Posted on May 14, 2013, 6 a.m.
Long-term exposure to fine particles of traffic pollution may increase a person’s risk of heart disease.
A number of previous studies suggest an association between road traffic and heart disease. Hagen Kalsch, from West-German Heart Center (Germany), and colleagues, analyzed data from the German Heinz Nixdorf Recall Study, involving 4,814 participants, mean age 60 years. Their proximity to roads with high traffic volume was calculated with official street maps, their long-term exposure to particle pollutants assessed with a chemistry transport model, and road traffic noise recorded by validated tests. The participants' level of atherosclerosis was evaluated by measurement of vascular vessel calcification in the thoracic aorta, a common marker of subclinical atherosclerosis (known as TAC), by computed tomography imaging. The team found that small particulate matter (PM2.5) and proximity to major roads were both associated with an increasing level of aortic calcification: for every increase in particle volume up to 2.4 micrometers (PM2.5) the degree of calcification increased by 20.7% and for every 100 metre proximity to heavy traffic by 10%. The study also found a borderline increase in TAC for night time noise (of 3.2% per 5 decibels). The study authors conclude that: “[thoracic aortic calcification]is associated with incident coronary events and all-cause mortality independent of traditional [cardiovascular] risk factors in the general population.”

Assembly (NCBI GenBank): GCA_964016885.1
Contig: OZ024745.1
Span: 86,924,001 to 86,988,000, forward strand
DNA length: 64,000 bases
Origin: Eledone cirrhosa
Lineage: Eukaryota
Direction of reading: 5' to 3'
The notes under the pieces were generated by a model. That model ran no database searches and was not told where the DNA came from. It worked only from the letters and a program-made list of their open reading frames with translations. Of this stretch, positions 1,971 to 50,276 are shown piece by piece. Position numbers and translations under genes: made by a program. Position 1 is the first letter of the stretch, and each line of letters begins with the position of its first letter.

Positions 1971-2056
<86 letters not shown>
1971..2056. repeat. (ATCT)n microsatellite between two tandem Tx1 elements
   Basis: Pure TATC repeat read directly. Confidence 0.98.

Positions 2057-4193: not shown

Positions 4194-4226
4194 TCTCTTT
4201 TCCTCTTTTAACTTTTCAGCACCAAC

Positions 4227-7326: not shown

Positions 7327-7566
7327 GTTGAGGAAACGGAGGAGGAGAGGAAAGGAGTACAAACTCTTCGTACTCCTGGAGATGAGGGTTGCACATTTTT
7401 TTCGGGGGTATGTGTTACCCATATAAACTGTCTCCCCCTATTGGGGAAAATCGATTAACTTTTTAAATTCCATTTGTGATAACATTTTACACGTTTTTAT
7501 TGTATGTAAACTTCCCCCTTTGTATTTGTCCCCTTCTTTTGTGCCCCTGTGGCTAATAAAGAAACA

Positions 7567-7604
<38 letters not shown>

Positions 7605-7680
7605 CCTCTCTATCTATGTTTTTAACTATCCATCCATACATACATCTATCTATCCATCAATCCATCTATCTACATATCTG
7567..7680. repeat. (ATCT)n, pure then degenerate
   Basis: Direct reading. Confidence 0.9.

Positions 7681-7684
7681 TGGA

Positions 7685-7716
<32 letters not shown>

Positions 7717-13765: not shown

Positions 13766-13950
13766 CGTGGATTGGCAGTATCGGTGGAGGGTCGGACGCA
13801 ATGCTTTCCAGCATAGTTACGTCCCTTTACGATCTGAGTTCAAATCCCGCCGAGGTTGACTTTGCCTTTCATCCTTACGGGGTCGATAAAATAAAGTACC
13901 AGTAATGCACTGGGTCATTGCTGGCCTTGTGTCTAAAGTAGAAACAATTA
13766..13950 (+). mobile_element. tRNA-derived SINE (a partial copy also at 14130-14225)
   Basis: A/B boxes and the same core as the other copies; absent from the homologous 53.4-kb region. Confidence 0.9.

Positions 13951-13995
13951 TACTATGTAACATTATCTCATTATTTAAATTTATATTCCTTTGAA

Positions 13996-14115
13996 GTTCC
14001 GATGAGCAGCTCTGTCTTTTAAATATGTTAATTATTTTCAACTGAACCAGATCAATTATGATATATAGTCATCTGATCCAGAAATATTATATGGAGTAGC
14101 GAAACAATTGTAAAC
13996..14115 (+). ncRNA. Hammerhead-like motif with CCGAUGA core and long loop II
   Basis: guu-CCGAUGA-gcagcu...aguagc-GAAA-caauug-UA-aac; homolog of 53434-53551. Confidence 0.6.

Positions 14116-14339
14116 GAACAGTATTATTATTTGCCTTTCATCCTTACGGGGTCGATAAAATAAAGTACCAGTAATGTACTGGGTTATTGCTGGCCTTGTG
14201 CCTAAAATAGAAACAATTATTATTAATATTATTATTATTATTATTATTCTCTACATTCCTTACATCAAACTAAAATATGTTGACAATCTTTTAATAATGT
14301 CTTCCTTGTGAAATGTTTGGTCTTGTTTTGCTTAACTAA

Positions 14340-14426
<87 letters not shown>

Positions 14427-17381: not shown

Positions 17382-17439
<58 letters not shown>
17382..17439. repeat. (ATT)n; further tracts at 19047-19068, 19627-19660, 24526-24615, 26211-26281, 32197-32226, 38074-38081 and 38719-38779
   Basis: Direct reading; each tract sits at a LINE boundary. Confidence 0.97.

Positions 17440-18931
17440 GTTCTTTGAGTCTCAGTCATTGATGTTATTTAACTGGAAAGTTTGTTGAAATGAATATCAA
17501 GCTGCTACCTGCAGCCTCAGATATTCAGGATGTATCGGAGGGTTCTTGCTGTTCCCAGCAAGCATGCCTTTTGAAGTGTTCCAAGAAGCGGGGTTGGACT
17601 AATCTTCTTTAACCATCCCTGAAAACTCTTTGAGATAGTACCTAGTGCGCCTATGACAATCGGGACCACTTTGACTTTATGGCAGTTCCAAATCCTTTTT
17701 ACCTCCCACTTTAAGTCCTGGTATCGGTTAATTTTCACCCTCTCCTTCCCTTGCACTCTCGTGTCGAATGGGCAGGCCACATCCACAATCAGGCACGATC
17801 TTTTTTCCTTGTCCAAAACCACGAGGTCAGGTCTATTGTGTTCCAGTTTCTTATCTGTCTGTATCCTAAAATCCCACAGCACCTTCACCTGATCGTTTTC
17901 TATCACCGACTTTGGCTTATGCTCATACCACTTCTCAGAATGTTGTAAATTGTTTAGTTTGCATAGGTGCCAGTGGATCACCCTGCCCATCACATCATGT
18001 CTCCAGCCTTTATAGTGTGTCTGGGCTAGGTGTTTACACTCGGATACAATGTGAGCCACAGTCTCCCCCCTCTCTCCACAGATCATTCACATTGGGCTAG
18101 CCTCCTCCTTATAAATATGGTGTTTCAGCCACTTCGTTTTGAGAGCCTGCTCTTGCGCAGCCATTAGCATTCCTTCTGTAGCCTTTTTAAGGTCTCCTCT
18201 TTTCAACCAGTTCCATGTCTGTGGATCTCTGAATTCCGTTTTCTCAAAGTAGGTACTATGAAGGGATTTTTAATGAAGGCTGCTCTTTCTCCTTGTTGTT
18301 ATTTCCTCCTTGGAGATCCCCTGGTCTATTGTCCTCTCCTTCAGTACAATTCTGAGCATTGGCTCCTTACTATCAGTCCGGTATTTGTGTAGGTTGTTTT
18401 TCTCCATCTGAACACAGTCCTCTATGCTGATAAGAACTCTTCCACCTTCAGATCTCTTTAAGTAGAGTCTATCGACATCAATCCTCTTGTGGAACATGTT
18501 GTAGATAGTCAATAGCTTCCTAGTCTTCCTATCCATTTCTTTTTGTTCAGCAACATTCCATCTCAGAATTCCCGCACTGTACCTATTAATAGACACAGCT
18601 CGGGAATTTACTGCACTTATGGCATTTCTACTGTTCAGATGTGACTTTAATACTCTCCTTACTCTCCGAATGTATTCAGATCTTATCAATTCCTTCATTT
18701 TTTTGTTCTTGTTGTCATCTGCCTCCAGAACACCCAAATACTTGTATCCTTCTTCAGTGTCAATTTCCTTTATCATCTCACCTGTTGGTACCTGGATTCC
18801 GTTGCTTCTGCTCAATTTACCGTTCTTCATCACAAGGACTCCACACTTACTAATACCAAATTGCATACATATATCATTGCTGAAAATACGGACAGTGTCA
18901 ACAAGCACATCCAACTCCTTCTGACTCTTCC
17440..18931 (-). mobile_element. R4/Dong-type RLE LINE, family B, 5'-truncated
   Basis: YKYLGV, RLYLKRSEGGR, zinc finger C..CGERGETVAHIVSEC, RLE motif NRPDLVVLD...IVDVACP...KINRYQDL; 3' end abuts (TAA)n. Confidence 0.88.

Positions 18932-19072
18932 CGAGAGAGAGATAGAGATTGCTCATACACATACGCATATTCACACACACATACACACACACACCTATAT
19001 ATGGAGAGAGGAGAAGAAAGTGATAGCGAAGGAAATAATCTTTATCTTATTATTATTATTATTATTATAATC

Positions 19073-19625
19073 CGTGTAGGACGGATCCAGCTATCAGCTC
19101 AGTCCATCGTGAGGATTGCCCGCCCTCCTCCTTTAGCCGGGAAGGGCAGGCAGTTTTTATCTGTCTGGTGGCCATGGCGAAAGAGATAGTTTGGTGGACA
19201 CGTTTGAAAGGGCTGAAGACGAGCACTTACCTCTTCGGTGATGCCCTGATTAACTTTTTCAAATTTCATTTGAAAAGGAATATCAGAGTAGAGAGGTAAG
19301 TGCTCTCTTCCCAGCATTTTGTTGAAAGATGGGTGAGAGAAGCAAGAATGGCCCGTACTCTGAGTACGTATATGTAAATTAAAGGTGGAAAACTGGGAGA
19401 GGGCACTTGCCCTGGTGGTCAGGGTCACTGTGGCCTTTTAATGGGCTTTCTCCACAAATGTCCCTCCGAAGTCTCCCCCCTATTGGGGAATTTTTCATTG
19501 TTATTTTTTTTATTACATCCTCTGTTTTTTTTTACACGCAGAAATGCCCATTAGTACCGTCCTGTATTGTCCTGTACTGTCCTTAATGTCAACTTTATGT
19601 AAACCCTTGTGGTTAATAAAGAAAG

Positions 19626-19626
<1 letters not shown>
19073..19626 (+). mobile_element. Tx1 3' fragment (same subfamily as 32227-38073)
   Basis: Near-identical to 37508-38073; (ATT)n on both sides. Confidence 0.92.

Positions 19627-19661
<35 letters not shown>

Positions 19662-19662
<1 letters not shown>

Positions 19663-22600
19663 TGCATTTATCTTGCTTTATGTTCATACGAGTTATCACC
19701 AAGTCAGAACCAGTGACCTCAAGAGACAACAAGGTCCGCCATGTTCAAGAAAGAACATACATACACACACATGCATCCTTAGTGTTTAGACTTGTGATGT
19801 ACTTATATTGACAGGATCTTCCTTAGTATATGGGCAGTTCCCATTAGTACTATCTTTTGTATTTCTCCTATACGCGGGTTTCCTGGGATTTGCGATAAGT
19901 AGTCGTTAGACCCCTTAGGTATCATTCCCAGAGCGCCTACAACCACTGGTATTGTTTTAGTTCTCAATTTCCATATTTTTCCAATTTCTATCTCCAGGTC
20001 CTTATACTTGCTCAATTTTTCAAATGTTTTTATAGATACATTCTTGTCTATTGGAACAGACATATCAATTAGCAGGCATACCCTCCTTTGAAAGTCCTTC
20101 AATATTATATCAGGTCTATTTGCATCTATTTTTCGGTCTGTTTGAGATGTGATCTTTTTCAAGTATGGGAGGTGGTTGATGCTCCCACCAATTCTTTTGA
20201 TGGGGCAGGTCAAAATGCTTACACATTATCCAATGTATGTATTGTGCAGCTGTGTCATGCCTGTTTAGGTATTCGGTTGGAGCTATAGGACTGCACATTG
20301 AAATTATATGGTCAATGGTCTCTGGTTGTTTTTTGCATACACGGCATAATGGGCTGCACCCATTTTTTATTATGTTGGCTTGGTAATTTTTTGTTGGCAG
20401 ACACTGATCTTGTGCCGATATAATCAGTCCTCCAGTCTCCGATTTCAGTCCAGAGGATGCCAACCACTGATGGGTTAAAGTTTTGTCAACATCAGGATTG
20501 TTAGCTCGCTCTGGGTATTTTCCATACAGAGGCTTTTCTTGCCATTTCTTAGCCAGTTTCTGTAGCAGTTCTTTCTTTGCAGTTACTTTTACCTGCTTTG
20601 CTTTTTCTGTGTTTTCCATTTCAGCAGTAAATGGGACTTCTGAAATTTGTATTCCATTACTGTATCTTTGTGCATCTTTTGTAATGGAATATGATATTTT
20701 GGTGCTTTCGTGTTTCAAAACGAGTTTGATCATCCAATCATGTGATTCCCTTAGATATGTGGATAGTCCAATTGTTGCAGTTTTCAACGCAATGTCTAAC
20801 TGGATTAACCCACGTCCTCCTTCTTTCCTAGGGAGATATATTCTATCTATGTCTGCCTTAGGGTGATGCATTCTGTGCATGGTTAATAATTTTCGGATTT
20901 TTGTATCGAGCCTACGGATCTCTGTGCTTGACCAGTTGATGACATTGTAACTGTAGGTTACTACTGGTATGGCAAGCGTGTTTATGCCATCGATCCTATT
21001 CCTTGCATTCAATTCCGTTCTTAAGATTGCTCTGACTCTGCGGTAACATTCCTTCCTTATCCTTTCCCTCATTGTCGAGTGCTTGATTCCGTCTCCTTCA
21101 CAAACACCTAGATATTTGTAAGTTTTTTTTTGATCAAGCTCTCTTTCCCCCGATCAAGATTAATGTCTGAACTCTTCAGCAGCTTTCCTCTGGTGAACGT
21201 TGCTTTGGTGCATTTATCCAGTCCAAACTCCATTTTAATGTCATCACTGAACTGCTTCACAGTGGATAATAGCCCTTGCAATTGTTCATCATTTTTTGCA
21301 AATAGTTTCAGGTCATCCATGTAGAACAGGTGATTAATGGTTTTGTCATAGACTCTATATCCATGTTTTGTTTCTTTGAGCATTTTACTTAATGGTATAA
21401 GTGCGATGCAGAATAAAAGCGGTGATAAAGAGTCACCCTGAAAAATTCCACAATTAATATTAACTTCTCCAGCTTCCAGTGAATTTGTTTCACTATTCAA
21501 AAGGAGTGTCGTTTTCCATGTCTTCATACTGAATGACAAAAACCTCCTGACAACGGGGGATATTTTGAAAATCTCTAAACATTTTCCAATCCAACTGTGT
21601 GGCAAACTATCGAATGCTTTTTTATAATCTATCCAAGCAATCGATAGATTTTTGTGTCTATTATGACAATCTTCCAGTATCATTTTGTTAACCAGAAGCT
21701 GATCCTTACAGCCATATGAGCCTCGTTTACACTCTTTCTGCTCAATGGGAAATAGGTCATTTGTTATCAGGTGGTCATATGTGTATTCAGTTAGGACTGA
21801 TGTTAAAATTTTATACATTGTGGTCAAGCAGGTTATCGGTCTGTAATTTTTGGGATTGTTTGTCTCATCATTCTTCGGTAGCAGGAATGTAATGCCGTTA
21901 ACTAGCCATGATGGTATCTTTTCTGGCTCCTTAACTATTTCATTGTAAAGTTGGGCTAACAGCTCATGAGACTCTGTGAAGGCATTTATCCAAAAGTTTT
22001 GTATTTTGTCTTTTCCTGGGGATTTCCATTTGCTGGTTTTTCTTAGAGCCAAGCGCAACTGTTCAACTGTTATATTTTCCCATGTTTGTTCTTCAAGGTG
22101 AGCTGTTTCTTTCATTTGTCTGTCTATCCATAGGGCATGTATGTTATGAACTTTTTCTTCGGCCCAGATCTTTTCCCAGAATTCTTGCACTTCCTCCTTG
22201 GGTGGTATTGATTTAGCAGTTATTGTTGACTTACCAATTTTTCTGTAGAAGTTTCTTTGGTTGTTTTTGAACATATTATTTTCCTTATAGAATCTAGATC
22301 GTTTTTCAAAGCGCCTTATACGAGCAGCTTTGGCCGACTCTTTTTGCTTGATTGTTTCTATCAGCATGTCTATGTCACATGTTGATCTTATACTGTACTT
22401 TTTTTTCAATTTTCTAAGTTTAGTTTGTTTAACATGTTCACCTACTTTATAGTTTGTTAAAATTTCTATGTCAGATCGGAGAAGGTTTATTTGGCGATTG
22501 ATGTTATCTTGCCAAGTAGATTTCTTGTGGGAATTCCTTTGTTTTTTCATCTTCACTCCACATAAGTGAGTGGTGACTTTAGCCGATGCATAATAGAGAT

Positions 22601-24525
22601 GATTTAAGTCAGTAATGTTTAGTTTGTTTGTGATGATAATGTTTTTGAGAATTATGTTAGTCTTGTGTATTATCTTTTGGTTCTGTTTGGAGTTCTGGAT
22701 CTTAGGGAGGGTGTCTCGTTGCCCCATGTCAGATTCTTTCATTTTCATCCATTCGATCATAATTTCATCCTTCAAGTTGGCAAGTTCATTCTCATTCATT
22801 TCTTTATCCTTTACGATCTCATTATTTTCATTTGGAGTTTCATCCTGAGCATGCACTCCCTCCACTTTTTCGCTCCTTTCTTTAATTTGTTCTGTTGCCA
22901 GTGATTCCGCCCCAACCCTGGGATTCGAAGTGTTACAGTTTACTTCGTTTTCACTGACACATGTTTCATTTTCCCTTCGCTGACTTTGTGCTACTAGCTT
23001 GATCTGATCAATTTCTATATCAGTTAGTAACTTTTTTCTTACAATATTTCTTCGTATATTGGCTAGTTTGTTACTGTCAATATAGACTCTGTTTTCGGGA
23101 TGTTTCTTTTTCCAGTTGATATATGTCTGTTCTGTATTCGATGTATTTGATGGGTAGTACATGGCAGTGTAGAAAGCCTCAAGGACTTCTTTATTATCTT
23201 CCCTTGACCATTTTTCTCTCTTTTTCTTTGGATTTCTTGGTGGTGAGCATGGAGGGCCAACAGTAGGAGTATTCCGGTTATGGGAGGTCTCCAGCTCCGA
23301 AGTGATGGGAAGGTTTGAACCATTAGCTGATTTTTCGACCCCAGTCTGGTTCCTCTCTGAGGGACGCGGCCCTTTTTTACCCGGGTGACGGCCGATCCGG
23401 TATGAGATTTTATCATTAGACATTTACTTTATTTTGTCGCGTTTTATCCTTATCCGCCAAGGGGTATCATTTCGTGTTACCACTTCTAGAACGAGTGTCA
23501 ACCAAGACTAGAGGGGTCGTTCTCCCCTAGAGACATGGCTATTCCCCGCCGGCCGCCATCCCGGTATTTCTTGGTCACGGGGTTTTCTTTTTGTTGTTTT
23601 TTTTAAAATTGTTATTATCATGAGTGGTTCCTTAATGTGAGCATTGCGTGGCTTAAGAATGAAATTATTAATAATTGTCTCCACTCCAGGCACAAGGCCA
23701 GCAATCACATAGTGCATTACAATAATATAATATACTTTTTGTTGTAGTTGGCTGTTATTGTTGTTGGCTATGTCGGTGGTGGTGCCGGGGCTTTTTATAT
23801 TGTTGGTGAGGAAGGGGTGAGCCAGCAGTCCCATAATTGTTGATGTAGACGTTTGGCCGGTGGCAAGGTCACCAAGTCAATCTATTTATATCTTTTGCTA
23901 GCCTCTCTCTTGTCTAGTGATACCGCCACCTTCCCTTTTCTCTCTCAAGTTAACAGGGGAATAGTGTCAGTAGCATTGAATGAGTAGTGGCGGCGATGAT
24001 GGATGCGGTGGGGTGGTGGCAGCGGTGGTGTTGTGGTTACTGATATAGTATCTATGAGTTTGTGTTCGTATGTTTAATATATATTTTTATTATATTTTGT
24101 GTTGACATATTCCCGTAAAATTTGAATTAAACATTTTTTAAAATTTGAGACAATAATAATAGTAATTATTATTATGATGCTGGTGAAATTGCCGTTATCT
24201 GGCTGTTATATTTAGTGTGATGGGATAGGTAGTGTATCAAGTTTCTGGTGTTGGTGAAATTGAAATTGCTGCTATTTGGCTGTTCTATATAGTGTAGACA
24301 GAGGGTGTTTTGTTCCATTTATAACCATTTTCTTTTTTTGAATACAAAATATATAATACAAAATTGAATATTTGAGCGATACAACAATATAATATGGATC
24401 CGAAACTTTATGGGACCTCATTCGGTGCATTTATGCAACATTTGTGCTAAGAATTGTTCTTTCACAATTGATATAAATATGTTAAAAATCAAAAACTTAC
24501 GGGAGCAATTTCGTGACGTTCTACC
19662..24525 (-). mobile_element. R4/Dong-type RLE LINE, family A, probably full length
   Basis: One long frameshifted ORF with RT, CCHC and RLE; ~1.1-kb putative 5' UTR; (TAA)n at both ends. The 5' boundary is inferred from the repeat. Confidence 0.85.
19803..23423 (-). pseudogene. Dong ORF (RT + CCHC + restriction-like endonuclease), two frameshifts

Kalsch H, Lehmann N, Berg MH, Mahabadi AA, Mergen P, Möhlenkamp S, Bauer M, Kara K, Dragano N, Hoffmann B, Moebus S, Schmermund A, Stang A, Jöckel KH, Erbel R. “Coronary artery calcification outperforms thoracic aortic calcification for the prediction of myocardial infarction and all-cause mortality: The Heinz Nixdorf Recall Study.” Eur J Prev Cardiol. 2013 Mar 6.